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There has always been the constant debate about which is better but I am still at a lose after all these years. I use what I need not what other people tell me as I seem to come across mixed reviews. What is everyone here using and why? I go for price vs. what it will do for me, not just the branded name on the side.

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I think you came to the wrong forum, as this topic has nothing to do with storage and HDDs.

When it comes to heavy math stuff, Intel still outperforms AMD. For example, Maya is rendering faster by 10-15 percent. For gamers, AMD is still preferred as it supports massive overclocking thus gaining processor cicles. And is cheaper.

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Yea I did, sorry about that. When I tried to post it was not showing the new thread/topic button so I did not have an option and tried here for a general area. Right now this machine was built for work first then gaming, but its still running AMD. I have been out of the loop a little and just wanted to double check, I have not caught up with the time I have been away just yet. And I am not a big overclocker either, I just get lucky with the prices I guess.

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As long as Intel decides not to license the later SSE4 iterations, they will always be superior to AMD since SSE4A is a joke compared to the later SSE4 of Intel.

As soon as people realize how much slower AMD chips are performing on video encoding apps and games compiled with sse4 optimized compilers, they will dump AMD and buy Intel.

AMD still uses SB600 based antiquated southbridges, and their AHCI support is terrible. Other than that, the only time I recommend AMD is for people who want to squeeze as much performance for their dollar in the meantime.

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I am using dual Operton Shanghai processors in my homemade laptop.

I choose AMD for a few reasons.

1) at the time, the most efficient dual socket motherboards were for AMD chips

2) I needed a large amount of memory and graphics slots

3) I needed a layout for the processors, as such that I could isolate heating zones in my laptop

4) Tyan provided me with all of my needs on there N6650W/S2915 Motherboard

More

5) with AMD, I do not need pricey FB-DIMMS, Normal DDR2 ECC memory with parity, needs not to be actively coolers

6) AMD chips tend to run cooler, my idle temperatures are 77F, and peaks at 94F. So I am in check there.

That is dual 2376's clocked up at 3.01Ghz on my motherboard.

7) the processor upgradability. My motherboard supports low clocked 1.8Ghz dual cores, all of the way up to the 2.9Ghz 6 core Istanbul's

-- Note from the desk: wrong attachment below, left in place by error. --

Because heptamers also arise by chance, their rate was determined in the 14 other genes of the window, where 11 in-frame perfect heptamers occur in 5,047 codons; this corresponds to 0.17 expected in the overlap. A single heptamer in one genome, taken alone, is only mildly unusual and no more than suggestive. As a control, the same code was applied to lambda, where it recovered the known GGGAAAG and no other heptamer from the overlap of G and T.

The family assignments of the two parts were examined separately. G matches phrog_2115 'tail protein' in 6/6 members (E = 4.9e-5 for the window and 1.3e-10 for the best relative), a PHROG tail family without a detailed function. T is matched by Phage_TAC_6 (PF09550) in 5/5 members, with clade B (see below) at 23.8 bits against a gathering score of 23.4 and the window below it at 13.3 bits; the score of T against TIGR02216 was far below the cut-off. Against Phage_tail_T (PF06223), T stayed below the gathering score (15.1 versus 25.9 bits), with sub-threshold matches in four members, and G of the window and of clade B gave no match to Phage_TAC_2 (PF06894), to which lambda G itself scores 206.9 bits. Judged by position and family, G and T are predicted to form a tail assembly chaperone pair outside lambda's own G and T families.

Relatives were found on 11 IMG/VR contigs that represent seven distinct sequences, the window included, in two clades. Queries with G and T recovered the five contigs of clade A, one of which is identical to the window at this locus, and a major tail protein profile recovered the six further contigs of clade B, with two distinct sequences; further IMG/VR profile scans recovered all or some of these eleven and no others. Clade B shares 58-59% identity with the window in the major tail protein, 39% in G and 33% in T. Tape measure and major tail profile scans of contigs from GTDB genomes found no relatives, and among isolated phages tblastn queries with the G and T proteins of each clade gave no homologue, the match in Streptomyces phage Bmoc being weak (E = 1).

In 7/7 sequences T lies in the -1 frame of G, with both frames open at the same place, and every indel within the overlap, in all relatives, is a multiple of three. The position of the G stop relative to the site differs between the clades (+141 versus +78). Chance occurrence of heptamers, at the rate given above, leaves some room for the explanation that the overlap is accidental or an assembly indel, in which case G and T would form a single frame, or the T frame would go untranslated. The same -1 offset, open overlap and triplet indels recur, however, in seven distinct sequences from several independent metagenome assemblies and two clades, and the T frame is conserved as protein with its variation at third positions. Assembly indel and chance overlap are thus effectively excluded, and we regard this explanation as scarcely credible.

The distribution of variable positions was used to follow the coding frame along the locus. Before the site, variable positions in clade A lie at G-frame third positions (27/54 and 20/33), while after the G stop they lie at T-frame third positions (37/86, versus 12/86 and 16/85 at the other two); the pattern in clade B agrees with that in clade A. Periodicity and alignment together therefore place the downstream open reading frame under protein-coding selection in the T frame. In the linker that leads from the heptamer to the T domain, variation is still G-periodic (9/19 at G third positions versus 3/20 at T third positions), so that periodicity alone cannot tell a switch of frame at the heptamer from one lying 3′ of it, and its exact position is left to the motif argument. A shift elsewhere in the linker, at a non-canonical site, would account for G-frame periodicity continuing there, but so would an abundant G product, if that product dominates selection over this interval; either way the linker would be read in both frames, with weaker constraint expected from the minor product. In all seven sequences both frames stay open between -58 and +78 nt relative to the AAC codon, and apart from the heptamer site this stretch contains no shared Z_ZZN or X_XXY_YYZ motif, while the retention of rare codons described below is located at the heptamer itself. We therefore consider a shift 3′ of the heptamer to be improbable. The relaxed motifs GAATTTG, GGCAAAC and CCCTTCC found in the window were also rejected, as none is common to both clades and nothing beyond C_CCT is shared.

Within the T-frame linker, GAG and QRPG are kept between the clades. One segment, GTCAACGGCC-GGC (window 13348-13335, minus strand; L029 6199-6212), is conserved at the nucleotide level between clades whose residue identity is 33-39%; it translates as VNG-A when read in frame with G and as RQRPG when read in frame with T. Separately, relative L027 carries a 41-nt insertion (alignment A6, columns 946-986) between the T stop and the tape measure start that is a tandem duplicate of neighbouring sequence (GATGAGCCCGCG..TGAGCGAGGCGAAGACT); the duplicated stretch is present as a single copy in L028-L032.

Negatives:

AMD's processors are not as powerful as Intel's offerings these days.

My 8 cores of processing power is maybe 30% faster than an overclocked i7 920 at 4Ghz

In a physical bought laptop, I will use Intel every step of the way. Intel mobile processors have always been ahead of AMD mobile processors. AMD was late to the laptop game, and by the time they entered. Dell only took them for a few low end models, and HP is still basically the only one who sells AMD mobile chips. They simply cant compete, and they suck down more current than the intel mobile chips do.

On the desktop platform, I have yet to find one good AMD motherboard. They are all terrible. I had a few of those very expensive DFi boards, and they are simply not worth it. After the fact, I should have just stuck with Abit/ASUS for a nice 775 board.

In the server environment, I am all about AMD and TYAN. They work well together as companies, and they work well as a platform. Cool, and efficient power generation, is all that I ask for, and tis why I choose them for this application.

Well that is my story.

K-TRON

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For me, the explanation is simple. AMD is good at performance while Intel has the quality on their processors. I'm a gamer and I have tried using AMD and Intel to test the performance and quality of each processor. AMD runs fast with the games but compromises the quality of it. Intel on the other hand have very good image quality but you need a lot of memory to run the game smoothly.

Right now, I'm using AMD but I will give this to my brother and I'm planning to buy a new box with Core i7. This will be my first time to run i7 so I'm really excited to use it.

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AMD runs fast with the games but compromises the quality of it. Intel on the other hand have very good image quality but you need a lot of memory to run the game smoothly.

How much memory do you have right now and what games are you running? I would imagine depending on the resources needed for the game, it will matter but I am trying to get a middle ground. Mostly I am sticking with WOW, FPS's (even though I have moved some to the PS3) and thats about it, other than the occasional AION or Counter Strike (when I need to go smack a friend of mine around).